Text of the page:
On the other hand, when I toss my hair flirtatiously, it makes a wooshy windswept sound.
This is my second Alistair MacLean of the year (the first, as you remember, was The Golden Gate in August. Both stem from the 1970s, which based upon the evidence of these two texts might represent the phoning-it-in period for MacLean.
The book starts out with an race car crash in the European Grand Prix circuit. The reigning champion apparently has lost his nerve and become an alcoholic. However, he seems to have some hidden agenda, for while he’s putting on the show, he’s sneaking around and investigating something. MacLean doesn’t really draw us into his investigations or quickly identify the real meat of the story–Harrow has gone underground or underdog to find out who’s gambling on the races and fixing them by sabotauging cars while selling heroin.
The reader goes along mainly because it’s an Alistair MacLean book and something’s going to happen. It does, and then the book ends abruptly.
Not MacLean’s best effort, and not even as good as Floodgate, which draws the user into the plot if not the characters. The Way to Dusty Death does neither, really.
We talk about making sacrifices in our lives and our working world, using figures of speech such as taking one for the team or jumping on the grenade. Some say this makes our language richer, to use metaphors to express concepts in a colorful way. Hey, as an writer, I’m all in favor of it. However, when those colorful metaphors become cliches bantered about too easily, we forget the powerful sacrifice of those who do it literally:
A Navy SEAL sacrificed his life to save his comrades by throwing himself on top of a grenade Iraqi insurgents tossed into their sniper hideout, fellow members of the elite force said.
Petty Officer 2nd Class Michael A. Monsoor had been near the only door to the rooftop structure Sept. 29 when the grenade hit him in the chest and bounced to the floor, said four SEALs who spoke to The Associated Press this week on condition of anonymity because their work requires their identities to remain secret.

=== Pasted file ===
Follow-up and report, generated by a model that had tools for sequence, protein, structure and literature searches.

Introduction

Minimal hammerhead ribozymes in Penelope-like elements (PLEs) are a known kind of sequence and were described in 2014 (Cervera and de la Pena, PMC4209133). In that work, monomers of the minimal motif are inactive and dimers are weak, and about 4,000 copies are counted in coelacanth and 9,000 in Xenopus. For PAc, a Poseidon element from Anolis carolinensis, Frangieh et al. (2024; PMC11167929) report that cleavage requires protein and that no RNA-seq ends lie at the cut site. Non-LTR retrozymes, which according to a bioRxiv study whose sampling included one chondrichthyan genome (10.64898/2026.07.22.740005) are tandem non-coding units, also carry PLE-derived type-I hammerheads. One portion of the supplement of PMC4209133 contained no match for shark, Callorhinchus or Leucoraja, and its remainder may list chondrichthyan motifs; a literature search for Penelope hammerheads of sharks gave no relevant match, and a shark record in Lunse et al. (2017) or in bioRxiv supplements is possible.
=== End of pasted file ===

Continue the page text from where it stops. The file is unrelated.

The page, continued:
“He never took his eye off the grenade, his only movement was down toward it,” said a 28-year-old lieutenant who sustained shrapnel wounds to both legs that day. “He undoubtedly saved mine and the other SEALs’ lives, and we owe him.”
I don’t expect I could or would do that.
(Link seen on Outside the Beltway.)
The Programs Coordinator for the St. Louis [City] Public Library has informed me that Daniel Woodrell, the author upon whose works I commented in August, is coming to town:
The St. Louis Public Library and Big Sleep Books are pleased to host author Daniel Woodrell. He will discuss and sign his new book, Winter’s Bone, November 15 at 7pm at the Schlafly Branch Library, 225 N. Euclid Ave. Books for sale will be provided by Big Sleep Books. This event is free and open to the public. For more information, call 314-206-6779.
Winter’s Bone follows a 16-year-old heroine named Ree as she hunts for her drug-dealing father, while trying to keep her family intact. The book, set in Missouri’s Ozarks region, is earning comparisons to True Grit.
Daniel Woodrell lives in the Missouri Ozarks. Winter’s Bone is his eighth novel and has just been selected as the 2007 ReadMOre book.
Well, there you go; or there you might go, but I’ll probably skip it.
In a side note, the Programs Coordinator represents the third person with whom I went to high school to contact me out of the blue this week. Weird.
As you know, gentle reader, I am something of an Anglophile as long as it doesn’t require actually traveling to Britain or liking, really, anyone or anything currently British. I was an English major, though, and as much as I tilted the degree toward American writers, I couldn’t escape the constraints of my collegiate upbringing. Plus, I think it’s interesting the progression of the English monarches throughout much of the relevant history of the Western world.
Consider this book to be a more detailed version than Britain’s Kings and Queens: 63 Reigns in 1100 Years, which I reviewed three years ago. That pamphlet, from the same time period as the edition of this book that I read, summed up the leaders and the effects their rules had upon England and Europe at large; this book, though, offers more verbosity in the leaders’ lifetimes and occasional sections into the time periods. Of course, this book is worth more than the pamphlet I reviewed in 2003, but it’s an expansion on the themes and rules therein.